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Keeping up the weight loss

Just in time for the New Year's resolution. A randomised, double blind trial suggests that the drug, sibutramine, previously known for inducing dose-dependent weight loss and enhancing the effects of a low-calorie diets, is effective in sustaining weight loss (Lancet 2000; 356: 2119-25). The international team of researchers, lead by Professor W Philip T James from Aberdeen, UK, studied 605 obese patients recruited from eight European centres. The patients were enrolled in a 6-month period of we

By | December 29, 2000

Just in time for the New Year's resolution. A randomised, double blind trial suggests that the drug, sibutramine, previously known for inducing dose-dependent weight loss and enhancing the effects of a low-calorie diets, is effective in sustaining weight loss (Lancet 2000; 356: 2119-25).

The international team of researchers, lead by Professor W Philip T James from Aberdeen, UK, studied 605 obese patients recruited from eight European centres. The patients were enrolled in a 6-month period of weight loss treatment with sibutramine (10 mg/day) and an individualised dietary programme; 467 (77%) achieved more than 5% weight loss and were eligible for the second phase of the trial where they were randomly assigned either 10 mg/day of sibutramine (352 patients) or placebo (115 patients) for a further 18 months. Of the 204 sibutramine-treated patients who completed the trial, 89 (43%) maintained 80% or more of their original weight loss, compared with only nine (16%) of the 57 individuals receiving placebo.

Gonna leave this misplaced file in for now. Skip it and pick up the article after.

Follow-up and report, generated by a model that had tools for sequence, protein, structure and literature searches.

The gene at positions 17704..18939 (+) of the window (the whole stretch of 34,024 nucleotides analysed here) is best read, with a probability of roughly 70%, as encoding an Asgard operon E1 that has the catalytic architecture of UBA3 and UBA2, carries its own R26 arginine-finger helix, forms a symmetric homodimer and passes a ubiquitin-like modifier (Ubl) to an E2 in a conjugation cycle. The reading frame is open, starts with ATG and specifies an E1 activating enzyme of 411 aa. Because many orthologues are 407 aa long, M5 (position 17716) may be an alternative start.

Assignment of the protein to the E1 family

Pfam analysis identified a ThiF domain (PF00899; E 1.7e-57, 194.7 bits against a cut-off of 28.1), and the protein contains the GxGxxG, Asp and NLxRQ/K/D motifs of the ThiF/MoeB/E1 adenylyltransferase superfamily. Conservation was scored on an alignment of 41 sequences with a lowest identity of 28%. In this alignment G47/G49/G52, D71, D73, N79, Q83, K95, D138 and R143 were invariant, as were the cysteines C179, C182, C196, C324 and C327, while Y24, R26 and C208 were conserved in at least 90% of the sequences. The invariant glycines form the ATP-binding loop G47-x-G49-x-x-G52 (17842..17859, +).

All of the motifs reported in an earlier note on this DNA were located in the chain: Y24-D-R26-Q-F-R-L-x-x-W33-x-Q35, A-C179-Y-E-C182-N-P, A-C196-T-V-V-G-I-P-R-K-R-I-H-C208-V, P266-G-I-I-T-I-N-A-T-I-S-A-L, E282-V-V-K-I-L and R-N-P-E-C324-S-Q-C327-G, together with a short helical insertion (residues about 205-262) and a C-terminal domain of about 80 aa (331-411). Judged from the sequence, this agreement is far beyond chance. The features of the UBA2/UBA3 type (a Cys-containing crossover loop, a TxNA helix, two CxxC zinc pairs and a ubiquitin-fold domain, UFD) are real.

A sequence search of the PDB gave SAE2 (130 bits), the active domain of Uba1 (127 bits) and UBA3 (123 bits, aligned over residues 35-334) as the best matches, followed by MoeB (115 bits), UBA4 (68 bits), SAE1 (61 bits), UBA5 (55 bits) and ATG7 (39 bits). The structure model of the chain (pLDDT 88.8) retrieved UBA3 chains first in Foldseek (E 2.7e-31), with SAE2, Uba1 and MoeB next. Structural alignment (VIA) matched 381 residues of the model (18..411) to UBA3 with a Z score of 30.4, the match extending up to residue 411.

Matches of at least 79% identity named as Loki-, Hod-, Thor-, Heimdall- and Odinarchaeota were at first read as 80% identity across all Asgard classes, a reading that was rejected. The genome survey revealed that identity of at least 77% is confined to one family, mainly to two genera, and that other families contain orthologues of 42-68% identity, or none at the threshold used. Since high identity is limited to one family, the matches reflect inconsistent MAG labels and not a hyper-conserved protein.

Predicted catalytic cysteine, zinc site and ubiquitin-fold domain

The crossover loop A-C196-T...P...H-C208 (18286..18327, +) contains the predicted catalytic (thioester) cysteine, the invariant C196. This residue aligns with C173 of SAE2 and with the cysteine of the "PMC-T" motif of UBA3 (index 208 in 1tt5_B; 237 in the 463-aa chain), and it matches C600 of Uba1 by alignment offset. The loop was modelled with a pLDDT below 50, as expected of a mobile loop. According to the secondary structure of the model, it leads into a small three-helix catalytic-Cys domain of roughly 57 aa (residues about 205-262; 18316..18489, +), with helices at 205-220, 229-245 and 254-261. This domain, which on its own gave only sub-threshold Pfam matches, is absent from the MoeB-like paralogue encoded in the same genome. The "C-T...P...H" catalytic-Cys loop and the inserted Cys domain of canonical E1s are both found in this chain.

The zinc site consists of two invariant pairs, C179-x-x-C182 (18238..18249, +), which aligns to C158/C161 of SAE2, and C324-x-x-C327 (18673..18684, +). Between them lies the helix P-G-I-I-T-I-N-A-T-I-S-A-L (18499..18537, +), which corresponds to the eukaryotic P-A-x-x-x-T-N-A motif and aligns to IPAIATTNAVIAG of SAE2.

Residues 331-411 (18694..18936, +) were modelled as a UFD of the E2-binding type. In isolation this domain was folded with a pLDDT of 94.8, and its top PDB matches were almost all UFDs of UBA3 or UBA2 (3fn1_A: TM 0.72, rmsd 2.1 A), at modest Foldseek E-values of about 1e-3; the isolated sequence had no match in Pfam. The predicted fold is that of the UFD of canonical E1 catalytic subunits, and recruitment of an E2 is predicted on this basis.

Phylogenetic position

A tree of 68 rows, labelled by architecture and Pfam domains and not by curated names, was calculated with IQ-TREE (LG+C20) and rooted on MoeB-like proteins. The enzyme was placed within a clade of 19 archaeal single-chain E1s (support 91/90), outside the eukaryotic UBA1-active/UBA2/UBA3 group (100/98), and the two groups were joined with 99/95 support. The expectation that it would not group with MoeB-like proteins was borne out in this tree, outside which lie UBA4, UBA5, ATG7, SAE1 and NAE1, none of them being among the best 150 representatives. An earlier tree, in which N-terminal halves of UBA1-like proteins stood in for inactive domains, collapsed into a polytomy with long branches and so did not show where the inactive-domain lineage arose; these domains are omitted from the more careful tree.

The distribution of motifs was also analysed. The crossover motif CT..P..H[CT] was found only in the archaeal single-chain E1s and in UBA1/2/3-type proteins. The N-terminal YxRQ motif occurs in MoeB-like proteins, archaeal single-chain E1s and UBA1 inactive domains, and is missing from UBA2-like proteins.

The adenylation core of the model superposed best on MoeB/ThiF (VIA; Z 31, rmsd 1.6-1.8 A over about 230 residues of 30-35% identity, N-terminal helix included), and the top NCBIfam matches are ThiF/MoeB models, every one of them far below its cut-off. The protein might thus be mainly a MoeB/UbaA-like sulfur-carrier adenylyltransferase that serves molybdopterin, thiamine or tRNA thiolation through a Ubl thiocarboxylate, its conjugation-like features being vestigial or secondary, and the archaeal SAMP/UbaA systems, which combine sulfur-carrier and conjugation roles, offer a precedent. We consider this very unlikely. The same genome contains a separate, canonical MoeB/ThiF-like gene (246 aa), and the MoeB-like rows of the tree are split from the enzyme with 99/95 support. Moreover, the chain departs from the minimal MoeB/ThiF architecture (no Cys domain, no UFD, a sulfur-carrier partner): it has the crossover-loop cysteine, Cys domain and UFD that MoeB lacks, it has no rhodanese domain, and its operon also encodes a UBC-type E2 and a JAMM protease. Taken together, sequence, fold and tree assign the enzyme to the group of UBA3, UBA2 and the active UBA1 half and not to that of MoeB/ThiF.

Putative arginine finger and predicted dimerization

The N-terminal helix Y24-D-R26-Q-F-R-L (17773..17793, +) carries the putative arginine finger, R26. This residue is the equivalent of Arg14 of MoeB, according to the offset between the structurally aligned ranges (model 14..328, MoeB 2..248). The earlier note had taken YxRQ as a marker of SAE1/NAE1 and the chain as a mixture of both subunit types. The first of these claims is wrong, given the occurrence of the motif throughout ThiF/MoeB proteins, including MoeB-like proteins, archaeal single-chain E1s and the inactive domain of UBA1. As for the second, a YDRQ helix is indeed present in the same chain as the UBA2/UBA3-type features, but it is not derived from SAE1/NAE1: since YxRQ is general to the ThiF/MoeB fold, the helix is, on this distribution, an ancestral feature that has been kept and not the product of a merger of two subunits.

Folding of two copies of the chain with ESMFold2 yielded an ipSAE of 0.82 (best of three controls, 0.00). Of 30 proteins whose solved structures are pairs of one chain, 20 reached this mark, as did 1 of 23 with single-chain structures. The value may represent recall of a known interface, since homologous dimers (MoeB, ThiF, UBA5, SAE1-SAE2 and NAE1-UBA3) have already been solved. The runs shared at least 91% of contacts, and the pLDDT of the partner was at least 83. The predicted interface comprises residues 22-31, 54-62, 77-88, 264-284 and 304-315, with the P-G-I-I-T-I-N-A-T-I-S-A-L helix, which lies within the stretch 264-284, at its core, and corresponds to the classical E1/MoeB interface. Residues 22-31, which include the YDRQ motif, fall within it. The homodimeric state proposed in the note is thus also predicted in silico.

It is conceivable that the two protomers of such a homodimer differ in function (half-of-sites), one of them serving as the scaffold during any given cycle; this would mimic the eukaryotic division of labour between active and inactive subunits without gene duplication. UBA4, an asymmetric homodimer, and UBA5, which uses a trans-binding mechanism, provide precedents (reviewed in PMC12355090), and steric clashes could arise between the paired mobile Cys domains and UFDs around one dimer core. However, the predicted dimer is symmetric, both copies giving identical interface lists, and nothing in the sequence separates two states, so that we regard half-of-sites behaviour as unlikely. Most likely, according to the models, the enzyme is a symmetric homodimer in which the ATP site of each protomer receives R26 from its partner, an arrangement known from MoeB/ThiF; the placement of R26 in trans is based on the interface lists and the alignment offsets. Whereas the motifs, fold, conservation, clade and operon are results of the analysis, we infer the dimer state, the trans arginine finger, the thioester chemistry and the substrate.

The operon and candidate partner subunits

Now the bad news; HDL-cholesterol concentrations (beneficial in protecting against heart disease) were greater in the sibutramine group (20.7% compared with 11.7%) and researchers were forced to withdraw 20 (3%) patients because of increases in blood pressure. Professor James says that patients receiving this drug should have their blood pressure monitored regularly to identify any unusual cardiovascular effects.

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